I don't typically review DVD's that are short on documentary and long on wrestling content because - really - what value am I going to add beyond a listing of matches and a generic recommendation whether this DVD set is worth your money?
Sadly, the 2010 release Wrestling's Highest Flyers by WWE leaves me with more or less the same feeling: an interesting concept but not one I can probably sell anyone on. The problem, largely, is that WWE never really get into the subject matter. They don't tell you what makes certain highest flyers tick; there's no attempt to rank them in any way (hmmm.... perhaps there's a future Top 50 in that?). So what you're left with is a fairly random collection of high-flying wrestlers.
The collection itself is impressive, as between the WWE, WCW, ECW and World Class libraries, there are many great high-flyers to choose from. And each wrestler is given a brief music video before their featured match begins.
Unfortunately, the match selection isn't the best and when you don't have a documentary to fall back on, that's a pretty big deal. For example, we have Evan Bourne vs. Zack Ryder, Superfly Jimmy Snuka vs. Samoan # 3 (Samu), Chavo Guerrero vs. Jamie Noble, Taka Michinoku vs. Pantera, John Morrison vs. Tyson Kidd, The Hardy Boyz vs. Kaientai, and Brian Pillman vs. Alex Wright. None of them are terrible matches, per se, and I can't say I've seen them on a DVD before - but they're hardly showcase bouts.
Having said that, there are some classics on here. The Eddie Guerrero-Rey Mysterio match from Hallowe'en Havoc that you've probably seen a thousand times is worth making it 1,001 views. Great Muta and Sting always put on a great show, as do Rob Van Dam and Jerry Lynn and the Hardyz/Dudleyz/Edge & Christian in their first ladder match. Plus, you've got a cool match between Trish Stratus and Lita and the ECW reunion match between Super Crazy, Tajiri and Little Guido from 2005.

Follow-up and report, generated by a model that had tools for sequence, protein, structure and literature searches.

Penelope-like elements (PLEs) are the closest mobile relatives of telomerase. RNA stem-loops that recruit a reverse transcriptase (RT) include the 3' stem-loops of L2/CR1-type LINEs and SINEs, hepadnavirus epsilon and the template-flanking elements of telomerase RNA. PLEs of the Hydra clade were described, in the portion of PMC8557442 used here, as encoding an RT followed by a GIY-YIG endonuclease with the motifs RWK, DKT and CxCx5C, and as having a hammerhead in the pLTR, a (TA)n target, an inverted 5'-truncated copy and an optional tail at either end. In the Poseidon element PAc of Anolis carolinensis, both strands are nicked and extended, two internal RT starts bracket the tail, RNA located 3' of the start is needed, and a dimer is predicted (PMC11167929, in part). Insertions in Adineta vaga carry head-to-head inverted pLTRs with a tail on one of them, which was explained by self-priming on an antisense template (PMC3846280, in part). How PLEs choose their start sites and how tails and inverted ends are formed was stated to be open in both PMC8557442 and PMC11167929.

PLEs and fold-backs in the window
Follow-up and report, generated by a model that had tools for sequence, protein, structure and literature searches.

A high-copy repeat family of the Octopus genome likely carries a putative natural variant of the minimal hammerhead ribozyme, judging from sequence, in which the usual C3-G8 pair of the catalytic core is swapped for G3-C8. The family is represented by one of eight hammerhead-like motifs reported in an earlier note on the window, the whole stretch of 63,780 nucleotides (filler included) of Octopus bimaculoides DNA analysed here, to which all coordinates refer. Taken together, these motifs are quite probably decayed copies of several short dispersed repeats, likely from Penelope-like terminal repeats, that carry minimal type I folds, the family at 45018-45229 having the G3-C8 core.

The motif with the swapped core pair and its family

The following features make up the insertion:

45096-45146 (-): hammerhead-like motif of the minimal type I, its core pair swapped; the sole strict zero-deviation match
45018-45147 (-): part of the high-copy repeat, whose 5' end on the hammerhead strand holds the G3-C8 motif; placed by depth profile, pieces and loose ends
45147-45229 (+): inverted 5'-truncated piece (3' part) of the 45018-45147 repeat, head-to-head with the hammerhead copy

One other mini-feature between matches is some of the current (or current at the time of this release) wrestlers strapping on a Go Pro-esque camera to their bodies and showing you what it's like when they do a moonsault or dive off a ladder. I can't say it's worth the price of admission or anything, but it's a neat little extra.
Overall.... I can't say I recommend this collection. The match selection is decent but it becomes repetitive after a while. This is probably best viewed in half-hour bursts here and there (or via WWE Network or Netflix, perhaps) instead of going out and buying the DVD set. Your mileage certainly may vary.